Spotlight on Excellence – Culture, Commitment and Data Drive Successful Process Change for Downtown Family Health Care
Downtown Family Health Care, in Charlottesville, VA is being highlighted as an exemplary practice in November’s “Spotlight on Excellence” for implementing a workflow that doubled the number of annual wellness visits for Medicare beneficiaries to 732 in 2017. This allowed them to identify high-risk patients for care management and improve their health outcomes.
Downtown Family Health Care, a Practice Transformation Network (PTN) member with HQI and a participant in a commercial APM, has 10 clinicians (seven full-time equivalent) at its single location in Charlottesville. They focus on allowing staff to balance work/life/family while approaching patient care by treating the whole person regardless of their ability to pay. Many patients are uninsured, but the practice remains financially successful while also keeping costs down for patients and payers. Mission is also a key part of the practice with many clinicians going on mission trips. An extra week of vacation is even granted for those who participate on Mission trips, which the practice ties to overall staff satisfaction.
- How do you balance focusing on patient needs while still being financially stable?
Because our approach is to treat the whole person, and because we resist temptation to be a high-volume shop, we have successfully managed the hospitalization rates of our patients and their emergency room visits, which helps the bottom line of our ACO. We are going to do what is in the best interest of the patient. We’ve found it is better to act in the best interest of the patient and help keep patients out of the hospital. This may mean higher level visits but it reduces the likelihood the patient with multi-system issues will end up in the emergency room. By focusing on improving the health of increased-risk patients, we improved our quality measures and reduced patient/payer costs.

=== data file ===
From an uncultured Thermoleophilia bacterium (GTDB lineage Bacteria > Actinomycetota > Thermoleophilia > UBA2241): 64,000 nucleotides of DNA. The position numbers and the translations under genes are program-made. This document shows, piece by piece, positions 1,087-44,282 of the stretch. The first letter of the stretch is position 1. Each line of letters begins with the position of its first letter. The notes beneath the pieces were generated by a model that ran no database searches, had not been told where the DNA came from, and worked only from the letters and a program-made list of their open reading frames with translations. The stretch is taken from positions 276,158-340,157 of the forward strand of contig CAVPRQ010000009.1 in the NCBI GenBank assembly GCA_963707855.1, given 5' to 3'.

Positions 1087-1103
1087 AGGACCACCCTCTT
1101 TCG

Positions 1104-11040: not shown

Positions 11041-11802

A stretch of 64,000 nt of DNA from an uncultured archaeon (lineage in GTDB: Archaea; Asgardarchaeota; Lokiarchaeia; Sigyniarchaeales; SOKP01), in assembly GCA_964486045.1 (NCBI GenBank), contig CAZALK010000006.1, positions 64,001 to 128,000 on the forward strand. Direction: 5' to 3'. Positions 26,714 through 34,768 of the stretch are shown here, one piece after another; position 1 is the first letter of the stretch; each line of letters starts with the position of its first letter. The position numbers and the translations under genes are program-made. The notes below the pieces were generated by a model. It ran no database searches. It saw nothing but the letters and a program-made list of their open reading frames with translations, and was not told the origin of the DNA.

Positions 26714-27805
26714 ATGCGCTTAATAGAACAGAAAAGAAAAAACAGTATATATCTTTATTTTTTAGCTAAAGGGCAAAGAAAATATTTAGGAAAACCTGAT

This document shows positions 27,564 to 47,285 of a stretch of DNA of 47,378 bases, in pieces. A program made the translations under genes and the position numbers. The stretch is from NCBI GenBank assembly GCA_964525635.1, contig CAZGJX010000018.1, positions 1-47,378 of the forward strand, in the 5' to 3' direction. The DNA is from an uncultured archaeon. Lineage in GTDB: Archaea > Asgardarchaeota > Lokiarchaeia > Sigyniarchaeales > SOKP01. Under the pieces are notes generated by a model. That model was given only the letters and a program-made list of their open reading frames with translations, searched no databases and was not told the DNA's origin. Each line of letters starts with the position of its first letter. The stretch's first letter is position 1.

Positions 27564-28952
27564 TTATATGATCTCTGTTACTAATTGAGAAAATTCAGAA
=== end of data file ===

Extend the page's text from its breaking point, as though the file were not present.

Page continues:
- What changes were made to make Annual Wellness Visits a better asset to caring for your patients?
We modified the role of our triage nurse to include care planning and care intervention work. The nurse is the one who uses information provided by the insurers about subscriber care gaps and our electronic health record system to identify patients who are hurting the most and get them scheduled for an office visit. Our clinicians continue to do annual wellness visits, rather than RNs or LPNs, because they believe the best way to treat the whole person is to identify their needs and address them in a single visit.
- What positive results have you achieved from adjusting your practice processes?
By offering transitional care management services, annual wellness visits, extended office hours and giving patients the choice to see the next available provider or a particular provider, we have seen patient admissions and readmissions decrease. Our practice has received additional revenue through cost-sharing we received in 2018 from a commercial payer and we achieved a high score for the Cost component of MIPS.
- How did you retain a focus on patient-centered care while implementing changes that helped better the practice?
We have been a patient-focused high-touch organization from the start, but without a ton of structure. Our PTN, led by HQI, essentially provided the groundwork for how we needed to look at our workflow and account for our processes in a way people who are looking from outside could see value. We did not change the caring behavior of our staff, but only how we recorded and described our clinical care, so it could be more effectively communicated outside of our organization. Specifically, HQI helped us with our biannual practice assessments, which is a part of TCPI. This helped us find areas that needed improvement and to understand where practice transformation is heading.
- What advice do you have for others looking to improve their processes?
Make sure you have people who fit your culture. It is also helpful to have providers who thrive in a culture of wanting to do the best for their patients and not their pocketbooks. You also need to have somebody who is analytically- and statistically-oriented high in overseeing changes to workflow. This will allow them to share data with staff that backs up recommendations for process change.« Return to the News